Edit Blog Post
Published: October 10th 2015
The route of our journey through Iran resembled the Persian number seven ۷
It is in no way a reflection of our guides but writing the blog entries for Iran has made us realise that having everything arranged for us and without using public transport while making things easy also makes travelling less interesting and gives little to write about - we don't want to read a laundry list of “then we went here, then we did this” so can be sure nobody else does. Therefore this final Iranian entry is also going to be short and cover quite a long distance – Esfahan to the Turkish border via Tehran along with some reflections.
Iranian driving has been an “interesting” experience. Iranians love to talk and when they do they look you in the eye, this is great if you're sitting in a cafe but a little worrying when barrelling along a motorway at 120 kmh with the driver turning in his seat to chat. The lanes marked on the road are only for guidance, the traffic was always one car (or lorry or bus) wider than the number of lanes. Priority at junctions seemed to go to the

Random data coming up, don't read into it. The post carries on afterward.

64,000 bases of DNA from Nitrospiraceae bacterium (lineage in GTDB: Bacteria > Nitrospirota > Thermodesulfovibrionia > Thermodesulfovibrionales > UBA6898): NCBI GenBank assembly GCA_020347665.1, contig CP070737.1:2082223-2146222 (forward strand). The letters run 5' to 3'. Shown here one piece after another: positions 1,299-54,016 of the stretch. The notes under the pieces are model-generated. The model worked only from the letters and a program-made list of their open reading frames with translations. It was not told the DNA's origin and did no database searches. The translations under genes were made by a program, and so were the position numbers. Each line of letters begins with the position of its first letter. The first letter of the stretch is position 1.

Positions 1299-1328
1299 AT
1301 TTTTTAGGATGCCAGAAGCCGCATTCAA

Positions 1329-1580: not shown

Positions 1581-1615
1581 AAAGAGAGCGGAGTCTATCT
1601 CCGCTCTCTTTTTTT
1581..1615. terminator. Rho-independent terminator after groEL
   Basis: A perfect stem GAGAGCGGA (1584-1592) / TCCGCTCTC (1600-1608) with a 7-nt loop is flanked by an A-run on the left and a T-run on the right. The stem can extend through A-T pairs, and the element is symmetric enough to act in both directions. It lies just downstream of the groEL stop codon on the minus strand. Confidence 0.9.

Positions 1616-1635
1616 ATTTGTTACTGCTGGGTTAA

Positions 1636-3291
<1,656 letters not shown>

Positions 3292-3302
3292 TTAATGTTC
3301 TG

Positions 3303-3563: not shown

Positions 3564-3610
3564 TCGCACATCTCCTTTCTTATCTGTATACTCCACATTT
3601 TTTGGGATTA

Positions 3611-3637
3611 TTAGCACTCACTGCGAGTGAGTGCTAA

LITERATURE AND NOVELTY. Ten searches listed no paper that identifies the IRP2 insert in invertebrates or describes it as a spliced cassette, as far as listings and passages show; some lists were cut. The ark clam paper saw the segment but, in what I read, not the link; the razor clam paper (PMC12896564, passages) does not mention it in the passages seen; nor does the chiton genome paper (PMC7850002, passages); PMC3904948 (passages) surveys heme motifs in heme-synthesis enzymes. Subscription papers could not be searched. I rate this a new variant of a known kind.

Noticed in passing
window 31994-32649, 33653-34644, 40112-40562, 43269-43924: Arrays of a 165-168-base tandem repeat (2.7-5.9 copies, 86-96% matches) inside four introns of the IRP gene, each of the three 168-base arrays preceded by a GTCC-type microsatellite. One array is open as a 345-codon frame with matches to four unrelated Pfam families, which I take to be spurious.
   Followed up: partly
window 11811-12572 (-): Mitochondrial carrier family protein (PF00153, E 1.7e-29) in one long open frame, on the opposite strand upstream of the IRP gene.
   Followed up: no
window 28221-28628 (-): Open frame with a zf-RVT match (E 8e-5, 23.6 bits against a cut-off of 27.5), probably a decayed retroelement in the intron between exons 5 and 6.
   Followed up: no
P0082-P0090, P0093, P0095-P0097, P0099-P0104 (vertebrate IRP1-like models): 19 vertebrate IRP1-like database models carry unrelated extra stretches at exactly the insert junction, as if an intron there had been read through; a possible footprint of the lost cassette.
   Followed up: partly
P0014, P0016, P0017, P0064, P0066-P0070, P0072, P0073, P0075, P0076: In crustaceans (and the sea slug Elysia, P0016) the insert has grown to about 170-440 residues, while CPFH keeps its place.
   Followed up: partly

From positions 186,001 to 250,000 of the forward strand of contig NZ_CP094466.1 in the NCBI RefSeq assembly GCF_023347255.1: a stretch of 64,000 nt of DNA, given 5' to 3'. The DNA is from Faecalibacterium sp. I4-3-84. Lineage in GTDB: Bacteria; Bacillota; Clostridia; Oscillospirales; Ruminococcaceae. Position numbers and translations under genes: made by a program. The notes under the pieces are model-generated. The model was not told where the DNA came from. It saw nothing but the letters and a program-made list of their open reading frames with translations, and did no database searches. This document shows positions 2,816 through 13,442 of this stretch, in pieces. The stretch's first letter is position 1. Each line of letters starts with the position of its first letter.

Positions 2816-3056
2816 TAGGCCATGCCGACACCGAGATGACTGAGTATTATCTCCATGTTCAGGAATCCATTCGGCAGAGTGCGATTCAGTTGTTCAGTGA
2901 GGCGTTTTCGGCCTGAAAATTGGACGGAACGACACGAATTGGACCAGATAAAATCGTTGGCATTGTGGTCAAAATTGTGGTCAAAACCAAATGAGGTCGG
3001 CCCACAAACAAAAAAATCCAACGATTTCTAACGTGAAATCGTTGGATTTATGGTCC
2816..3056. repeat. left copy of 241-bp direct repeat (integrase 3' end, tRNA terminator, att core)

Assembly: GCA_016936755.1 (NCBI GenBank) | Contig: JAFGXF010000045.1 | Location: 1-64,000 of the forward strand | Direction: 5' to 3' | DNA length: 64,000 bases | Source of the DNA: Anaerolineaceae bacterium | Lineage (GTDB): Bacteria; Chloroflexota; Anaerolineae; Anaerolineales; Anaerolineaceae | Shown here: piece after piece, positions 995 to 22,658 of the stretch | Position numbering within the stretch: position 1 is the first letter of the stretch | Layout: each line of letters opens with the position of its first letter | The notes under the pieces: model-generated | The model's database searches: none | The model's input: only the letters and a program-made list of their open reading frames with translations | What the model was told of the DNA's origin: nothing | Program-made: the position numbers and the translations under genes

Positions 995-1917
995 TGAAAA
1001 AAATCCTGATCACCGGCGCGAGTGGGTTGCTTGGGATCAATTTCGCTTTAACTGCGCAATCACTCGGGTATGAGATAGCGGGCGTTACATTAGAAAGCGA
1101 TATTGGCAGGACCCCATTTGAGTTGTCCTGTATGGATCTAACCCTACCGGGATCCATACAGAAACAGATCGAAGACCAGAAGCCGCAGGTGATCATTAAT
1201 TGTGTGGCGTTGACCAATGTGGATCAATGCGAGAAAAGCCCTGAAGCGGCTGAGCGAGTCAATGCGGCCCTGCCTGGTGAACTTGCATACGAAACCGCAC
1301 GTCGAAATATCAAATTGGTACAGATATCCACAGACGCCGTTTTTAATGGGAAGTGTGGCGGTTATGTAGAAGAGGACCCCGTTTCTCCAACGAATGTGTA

bravest. Crossing the street was always an adventure. In short if there is a system it remained a mystery to us. In Tehran with a population of >17m, all of this was multiplied many times over.
We loved Iran, it's historic cities, fantastic and interesting sights, great sleeper trains, chaotic and lively character, schizo public and private lives, and wonderful people. When governments – American, British and Iranian, stop being such a bunch of fucking clowns and make things easier for the rest of us we'll be back.
Tot: 2.827s; Tpl: 0.022s; cc: 18; qc: 77; dbt: 0.0278s; 2; m:saturn w:www (188.8.131.52); sld: 1;
; mem: 1.4mb